But in fact, we speak on a regular basis with the manufacturers and the vaccine distributors for influenza vaccine. And this is what they have told us about the approach they are taking. I think unfortunately when we hear complaints – and we do get phone call just as Public Health gets phone calls at every level – it is hard to know from a call which expresses a very difficult situation, how widespread that concern is.

So, I am afraid I can′t answer how to translate the concerns that we get into something you can quantify.

But we know that the people who are distributing this vaccine have told us an approach that tries to reach as many providers as possible. And that′s sort of where that statement comes from.

MR. ALLEN: Next question please.

OPERATOR: Thank you. Our next question comes from Anita Manning, please state your affiliation.

MS. MANNING: USA Today. I also have a couple questions and I′ll try to be fast. One of them is, is there some – is this vaccine slower growing than previous years vaccines have been? Is there some reason that it seems to be trickling out late? My own doctor doesn′t have vaccine yet, by the way.

But also, the second question is that the – I have an AAP media mailing from Monday saying that the American Academy of Pediatrics is alerting parents there will be a delay in getting flu shots for children. So if it′s not a shortage, would you at least characterize it as a delay?

DR. SANTOLI: Two really good questions. I think early on we did hear from the manufacturers that there were – you know whenever there are new strains that that requires new efforts and can present some challenges. But it is our understanding that really those issues have been overcome and now all the milestones for production and distribution are being met.

In terms of the word “delay,” and I know that that word has been used, I think that from our perspective, what is the most important thing is how many doses are going to be out there in October and November as providers start vaccinating.

And with 15 million doses out there (Editor’s note: should be 15 million more to be distributed than last October), this October, by the end of this October rather, compared to last year, we feel as though 75 million doses in October is a lot of vaccine to start using.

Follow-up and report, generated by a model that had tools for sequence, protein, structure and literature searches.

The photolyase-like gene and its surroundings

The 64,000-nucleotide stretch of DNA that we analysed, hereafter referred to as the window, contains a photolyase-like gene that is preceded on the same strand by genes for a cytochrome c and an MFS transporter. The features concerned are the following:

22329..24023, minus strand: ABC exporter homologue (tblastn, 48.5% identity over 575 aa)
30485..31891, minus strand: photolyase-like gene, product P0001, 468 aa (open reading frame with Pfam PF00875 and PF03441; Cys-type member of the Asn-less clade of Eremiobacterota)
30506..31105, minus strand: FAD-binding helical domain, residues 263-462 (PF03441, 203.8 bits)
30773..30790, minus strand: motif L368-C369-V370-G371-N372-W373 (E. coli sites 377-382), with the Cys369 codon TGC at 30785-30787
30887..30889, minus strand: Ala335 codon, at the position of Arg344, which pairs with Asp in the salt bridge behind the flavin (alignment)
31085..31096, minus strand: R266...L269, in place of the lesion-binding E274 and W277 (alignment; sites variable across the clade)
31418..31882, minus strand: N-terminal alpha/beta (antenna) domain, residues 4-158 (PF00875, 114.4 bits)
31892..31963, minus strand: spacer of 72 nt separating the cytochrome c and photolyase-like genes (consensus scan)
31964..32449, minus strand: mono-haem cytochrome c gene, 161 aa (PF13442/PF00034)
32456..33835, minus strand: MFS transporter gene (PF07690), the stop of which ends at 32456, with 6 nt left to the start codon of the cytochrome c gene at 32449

In fact, we have never really used more than about 80 to 83 million doses in a season. So to have 75 million out by the end of the first, you know, full month of the vaccination season to use feels like it′s timing that will get that vaccine out there when it′s needed.

MR. ALLEN: Our next question please.

OPERATOR: Thank you. Our next question comes from Christine Gorman. Please state your affiliation.

MS. GORMAN: Time Magazine. Getting back to the children′s vaccination, is that FluZone vaccine? Is that going to be coming out soon? I mean what is the delay there? And what should parents of small children, who often, you know, are first to get the flu do in the meantime?

DR. SANTOLI: Well, I think that the thing to remember is how early we are in the vaccination season right now. We, really the vaccination season that we talk about is ideal is sort of October and November, but we also know that the disease tends to peak in February or later.

So though we want to try to get vaccine early, as early as possible, we still have the very best chance possible protecting children and their families by vaccinating them even if the vaccination isn′t completed by the end of November.

So, the advice would be to seek vaccination and, you know if that′s not available at the doctor′s office this week, to continue seeking vaccination because we′re right in the middle of the time when vaccination is ongoing.

MR. ALLEN: Next question please.

OPERATOR: Thank you. Our next question comes from Mike Stobbe, please state your affiliation.

MR. STOBBE: This is Mike at the AP. Thanks for taking the question. This is just for clarification. Doctor, when you said 40 million doses distributed at the end of last week and 75 million expected distributed in October, could you define distributed?

Does that mean from the manufacturer to the distributors, but it might be in a warehouse? Does it mean from the distributors to the providers? Does it mean shots in peoples’ arms so far?

DR. SANTOLI: That is a great question. It actually means vaccine going – well we get information from the manufacturers but they don′t send us information about vaccine they have shipped to distributors.

And we get information from the distributors about vaccine that they have shipped to the next level. Sometimes there are of course pharmacies or sub-distributors. So some of that vaccine is out to providers, some of it is now ready to go out to providers, so it is a little bit of a mixture. Does that answer your question?

MR. STOBBE: Actually not of (INAUDIBLE).

DR. SANTOLI: I am sorry. I didn′t hear you...

MR. STOBBE: I am just going back to that statistic about 40 million doses distributed as of the end of last week. Some of that may still be in factories, is that right?